[ALL the Corruption in the Sacred Text may be classed under four heads, viz. Omission, Transposition, Substitution, and Addition. We are entirely aware that, in the arrangement adopted in this Volume for purposes of convenience, Scientific Method has been neglected. The inevitable result must be that passages are capable of being classed under more heads than one. But Logical exactness is of less practical value than a complete and suitable treatment of the corrupted passages that actually occur in the four Gospels.
It seems therefore needless to supply with a scrupulousness that might bore our readers a disquisition upon Substitution which has not forced itself into a place amongst Dean Burgon's papers, although it is found in a fragmentary plan of this part of the treatise. Substituted forms or words or phrases, such as OC (hos) for th?c? (Theos) heporei for epoiei (St. Mark vi.20), or euk oidate dokimazein for dokimazete (St. Luke xii.56), have their own special causes of substitution, and are naturally and best considered under the cause which in each case gave them birth.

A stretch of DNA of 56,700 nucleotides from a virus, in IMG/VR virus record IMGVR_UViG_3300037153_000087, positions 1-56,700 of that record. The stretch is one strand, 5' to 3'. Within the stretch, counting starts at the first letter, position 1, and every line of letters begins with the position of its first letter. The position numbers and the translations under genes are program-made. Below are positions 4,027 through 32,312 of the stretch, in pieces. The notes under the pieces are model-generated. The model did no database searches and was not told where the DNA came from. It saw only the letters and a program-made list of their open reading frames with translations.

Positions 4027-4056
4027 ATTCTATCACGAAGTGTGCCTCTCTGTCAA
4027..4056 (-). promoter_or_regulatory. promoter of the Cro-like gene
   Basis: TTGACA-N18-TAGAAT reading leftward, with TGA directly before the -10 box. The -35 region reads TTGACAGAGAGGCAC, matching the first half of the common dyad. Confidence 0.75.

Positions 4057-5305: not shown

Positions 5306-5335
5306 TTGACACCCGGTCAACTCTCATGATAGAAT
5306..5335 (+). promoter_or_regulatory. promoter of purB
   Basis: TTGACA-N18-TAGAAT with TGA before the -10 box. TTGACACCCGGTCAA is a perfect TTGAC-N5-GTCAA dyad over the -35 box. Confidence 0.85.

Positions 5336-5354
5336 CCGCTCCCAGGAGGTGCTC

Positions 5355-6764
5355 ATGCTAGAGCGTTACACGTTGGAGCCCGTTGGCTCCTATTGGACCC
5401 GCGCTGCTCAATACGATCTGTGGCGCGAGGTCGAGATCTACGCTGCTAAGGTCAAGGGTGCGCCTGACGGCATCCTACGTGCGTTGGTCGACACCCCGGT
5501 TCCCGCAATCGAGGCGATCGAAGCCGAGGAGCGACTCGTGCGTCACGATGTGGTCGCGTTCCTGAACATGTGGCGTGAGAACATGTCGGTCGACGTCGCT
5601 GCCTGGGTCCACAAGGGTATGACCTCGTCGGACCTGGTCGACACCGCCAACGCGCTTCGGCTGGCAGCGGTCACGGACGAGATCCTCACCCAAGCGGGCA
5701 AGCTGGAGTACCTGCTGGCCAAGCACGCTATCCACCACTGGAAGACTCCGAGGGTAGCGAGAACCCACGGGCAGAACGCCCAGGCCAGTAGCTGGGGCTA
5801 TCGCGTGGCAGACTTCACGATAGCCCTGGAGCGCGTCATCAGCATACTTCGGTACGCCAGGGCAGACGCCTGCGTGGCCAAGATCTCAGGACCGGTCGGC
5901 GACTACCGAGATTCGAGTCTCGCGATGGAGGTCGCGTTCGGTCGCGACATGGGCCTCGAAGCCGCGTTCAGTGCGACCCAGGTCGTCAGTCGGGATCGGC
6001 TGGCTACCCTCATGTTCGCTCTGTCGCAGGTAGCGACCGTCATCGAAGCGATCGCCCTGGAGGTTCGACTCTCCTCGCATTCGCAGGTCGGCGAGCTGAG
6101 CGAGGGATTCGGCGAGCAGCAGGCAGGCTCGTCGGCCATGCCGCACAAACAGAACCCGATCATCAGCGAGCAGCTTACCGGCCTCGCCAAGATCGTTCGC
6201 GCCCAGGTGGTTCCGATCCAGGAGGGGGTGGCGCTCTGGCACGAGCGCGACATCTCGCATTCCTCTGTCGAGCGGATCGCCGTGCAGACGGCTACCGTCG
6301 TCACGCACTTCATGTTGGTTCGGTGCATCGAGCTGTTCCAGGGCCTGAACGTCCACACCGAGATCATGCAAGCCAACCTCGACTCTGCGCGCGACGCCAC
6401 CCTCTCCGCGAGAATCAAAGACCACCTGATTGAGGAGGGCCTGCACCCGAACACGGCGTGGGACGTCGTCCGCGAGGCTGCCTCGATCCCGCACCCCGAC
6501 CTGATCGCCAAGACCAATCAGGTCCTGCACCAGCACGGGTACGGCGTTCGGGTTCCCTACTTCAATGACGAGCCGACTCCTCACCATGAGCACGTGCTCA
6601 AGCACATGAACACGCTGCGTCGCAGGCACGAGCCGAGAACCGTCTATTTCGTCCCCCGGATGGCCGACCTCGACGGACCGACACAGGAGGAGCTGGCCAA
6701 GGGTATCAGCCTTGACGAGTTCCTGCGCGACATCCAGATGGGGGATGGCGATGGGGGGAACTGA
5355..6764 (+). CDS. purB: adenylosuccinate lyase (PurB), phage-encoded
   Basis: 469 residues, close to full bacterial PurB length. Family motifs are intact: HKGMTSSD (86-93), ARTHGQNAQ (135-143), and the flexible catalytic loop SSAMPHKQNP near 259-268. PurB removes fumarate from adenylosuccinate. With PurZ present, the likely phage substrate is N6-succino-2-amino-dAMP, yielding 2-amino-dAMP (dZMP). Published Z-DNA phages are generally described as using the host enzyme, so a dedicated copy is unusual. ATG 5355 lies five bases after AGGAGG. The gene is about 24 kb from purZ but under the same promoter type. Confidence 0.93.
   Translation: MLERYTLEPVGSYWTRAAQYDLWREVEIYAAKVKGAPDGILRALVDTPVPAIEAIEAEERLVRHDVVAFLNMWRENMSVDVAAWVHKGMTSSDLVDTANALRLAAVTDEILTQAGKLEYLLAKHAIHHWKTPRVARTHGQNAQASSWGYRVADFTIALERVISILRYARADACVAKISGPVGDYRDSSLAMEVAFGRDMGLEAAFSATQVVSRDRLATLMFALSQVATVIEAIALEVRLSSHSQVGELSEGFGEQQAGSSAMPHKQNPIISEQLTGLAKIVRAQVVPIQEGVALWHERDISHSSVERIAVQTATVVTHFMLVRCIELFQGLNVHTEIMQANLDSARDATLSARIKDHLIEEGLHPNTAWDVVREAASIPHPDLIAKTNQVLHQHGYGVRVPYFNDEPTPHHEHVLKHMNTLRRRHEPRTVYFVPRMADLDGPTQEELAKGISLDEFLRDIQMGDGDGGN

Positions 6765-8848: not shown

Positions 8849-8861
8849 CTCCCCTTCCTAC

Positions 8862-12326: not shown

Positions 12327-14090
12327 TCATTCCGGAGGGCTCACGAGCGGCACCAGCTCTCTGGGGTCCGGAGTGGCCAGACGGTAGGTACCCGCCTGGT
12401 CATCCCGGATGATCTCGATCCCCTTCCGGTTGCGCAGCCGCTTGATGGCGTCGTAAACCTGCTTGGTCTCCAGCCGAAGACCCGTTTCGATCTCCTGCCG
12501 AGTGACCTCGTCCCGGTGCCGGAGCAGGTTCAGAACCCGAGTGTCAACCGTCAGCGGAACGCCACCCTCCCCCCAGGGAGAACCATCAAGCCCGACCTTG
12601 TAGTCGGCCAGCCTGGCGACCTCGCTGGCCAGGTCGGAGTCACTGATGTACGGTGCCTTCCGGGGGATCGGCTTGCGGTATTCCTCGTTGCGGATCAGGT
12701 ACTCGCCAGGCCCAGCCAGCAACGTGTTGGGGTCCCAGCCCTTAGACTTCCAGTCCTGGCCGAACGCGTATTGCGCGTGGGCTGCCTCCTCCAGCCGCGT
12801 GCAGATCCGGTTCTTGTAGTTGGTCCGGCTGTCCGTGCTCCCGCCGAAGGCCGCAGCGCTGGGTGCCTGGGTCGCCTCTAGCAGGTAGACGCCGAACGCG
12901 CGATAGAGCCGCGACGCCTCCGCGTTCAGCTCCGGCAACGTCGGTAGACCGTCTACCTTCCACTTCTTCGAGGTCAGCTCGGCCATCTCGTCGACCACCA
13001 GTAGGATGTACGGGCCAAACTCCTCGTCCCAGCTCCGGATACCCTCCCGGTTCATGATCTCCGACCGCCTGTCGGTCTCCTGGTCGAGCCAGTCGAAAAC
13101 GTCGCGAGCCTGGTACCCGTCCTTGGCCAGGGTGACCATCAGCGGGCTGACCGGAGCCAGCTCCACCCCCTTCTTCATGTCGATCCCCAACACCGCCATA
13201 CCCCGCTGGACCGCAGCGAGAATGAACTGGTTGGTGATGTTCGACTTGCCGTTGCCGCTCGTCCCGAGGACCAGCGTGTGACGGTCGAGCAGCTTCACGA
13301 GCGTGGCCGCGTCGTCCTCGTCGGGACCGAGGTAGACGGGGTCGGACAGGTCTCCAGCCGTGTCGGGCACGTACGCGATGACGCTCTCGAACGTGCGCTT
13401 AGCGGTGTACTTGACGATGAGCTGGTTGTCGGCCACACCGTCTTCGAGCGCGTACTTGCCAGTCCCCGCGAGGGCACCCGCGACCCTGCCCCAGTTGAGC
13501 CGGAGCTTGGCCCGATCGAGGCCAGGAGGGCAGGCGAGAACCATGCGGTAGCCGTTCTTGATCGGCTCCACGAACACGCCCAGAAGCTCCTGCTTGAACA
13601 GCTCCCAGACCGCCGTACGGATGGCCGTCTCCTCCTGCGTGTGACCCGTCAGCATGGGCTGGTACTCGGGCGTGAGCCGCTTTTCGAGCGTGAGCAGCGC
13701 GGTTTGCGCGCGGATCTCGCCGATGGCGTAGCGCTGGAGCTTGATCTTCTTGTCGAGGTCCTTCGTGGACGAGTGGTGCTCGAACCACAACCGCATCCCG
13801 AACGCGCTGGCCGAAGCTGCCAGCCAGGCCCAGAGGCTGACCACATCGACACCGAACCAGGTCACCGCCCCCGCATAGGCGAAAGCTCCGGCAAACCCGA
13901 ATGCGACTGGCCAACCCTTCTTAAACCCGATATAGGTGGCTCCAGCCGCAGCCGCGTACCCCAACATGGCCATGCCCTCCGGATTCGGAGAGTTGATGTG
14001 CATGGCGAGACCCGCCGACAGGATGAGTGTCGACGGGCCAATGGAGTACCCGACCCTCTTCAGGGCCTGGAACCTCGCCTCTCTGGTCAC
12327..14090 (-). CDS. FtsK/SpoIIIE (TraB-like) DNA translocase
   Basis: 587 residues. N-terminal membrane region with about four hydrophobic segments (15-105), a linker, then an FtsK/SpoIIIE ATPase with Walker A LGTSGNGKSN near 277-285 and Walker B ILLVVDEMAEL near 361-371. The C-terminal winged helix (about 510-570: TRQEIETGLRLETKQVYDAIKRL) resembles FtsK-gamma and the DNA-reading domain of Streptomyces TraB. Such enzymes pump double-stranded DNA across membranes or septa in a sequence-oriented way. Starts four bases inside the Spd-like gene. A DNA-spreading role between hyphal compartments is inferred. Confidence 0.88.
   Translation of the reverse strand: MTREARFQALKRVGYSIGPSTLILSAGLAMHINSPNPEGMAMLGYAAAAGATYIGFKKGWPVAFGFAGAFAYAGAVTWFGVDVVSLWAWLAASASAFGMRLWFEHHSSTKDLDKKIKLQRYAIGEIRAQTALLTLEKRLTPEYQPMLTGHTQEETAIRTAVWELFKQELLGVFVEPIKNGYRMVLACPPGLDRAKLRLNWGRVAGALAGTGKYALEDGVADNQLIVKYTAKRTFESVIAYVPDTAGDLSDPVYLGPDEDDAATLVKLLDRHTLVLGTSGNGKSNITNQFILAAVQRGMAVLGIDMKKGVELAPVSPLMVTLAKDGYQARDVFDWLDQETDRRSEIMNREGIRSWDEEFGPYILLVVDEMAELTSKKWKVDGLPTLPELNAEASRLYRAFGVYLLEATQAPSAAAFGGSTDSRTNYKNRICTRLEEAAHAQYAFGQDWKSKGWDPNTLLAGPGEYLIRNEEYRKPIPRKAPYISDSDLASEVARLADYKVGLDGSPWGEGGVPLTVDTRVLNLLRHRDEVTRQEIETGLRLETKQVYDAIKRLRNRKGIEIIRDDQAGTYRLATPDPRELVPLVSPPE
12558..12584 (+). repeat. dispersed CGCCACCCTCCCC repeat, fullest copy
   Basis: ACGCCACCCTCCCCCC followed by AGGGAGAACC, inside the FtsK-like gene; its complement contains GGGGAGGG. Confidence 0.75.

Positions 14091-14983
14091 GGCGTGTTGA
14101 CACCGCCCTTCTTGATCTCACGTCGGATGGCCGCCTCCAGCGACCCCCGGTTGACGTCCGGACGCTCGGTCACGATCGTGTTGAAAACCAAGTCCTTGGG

Yet the class of Substitutions is a large one, if Modifications, as they well may be, are added to it . It will be readily concluded that some substitutions are serious, some of less importance, and many trivial. Of the more important class, the reading of hamartematos for kriseos (St. Mark iii.29) which the Revisers have adopted in compliance with 'BLD and three Cursives, is a specimen. It is true that D reads hamartias supported by the first corrector of C, and three of the Ferrar group (13, 69, 346) and that the change adopted is supported by the Old Latin versions except f, the Vulgate, Bohairic, Armenian, Gothic, Lewis, and Saxon. But the opposition which favours kriseos is made up of A, C under the first reading and the second correction, PhS and eleven other Uncials, the great bulk of the Cursives, f, Peshitto, and Harkleian, and is superior in strength. The internal evidence is also in favour of the Traditional reading, both as regards the usage of e'nocho's, and the natural meaning given by kriseos. Hamarte'matos has clearly crept in from ver.28. Other instances of Substitution may be found in the well-known St. Luke xxiii.45 (tou eli'ou eklipo'ntos), St. Matt. xi.27 (bou'letai apokalu'psai), St. Matt. xxvii.34 (oinon for oxos), St. Mark i.2 (Esai'a for tois prophetais), St. John i.18 (ho Monogenes Theos being a substitution made by heretics for ho Monogenes Huios), St. Mark vii.31 (dia` Sidonos for kai Sidonos). These instances may perhaps suffice: many more may suggest themselves to intelligent readers. Though most are trivial, their cumulative force is extremely formidable. Many of these changes arose from various causes which are described in many other places in this book.]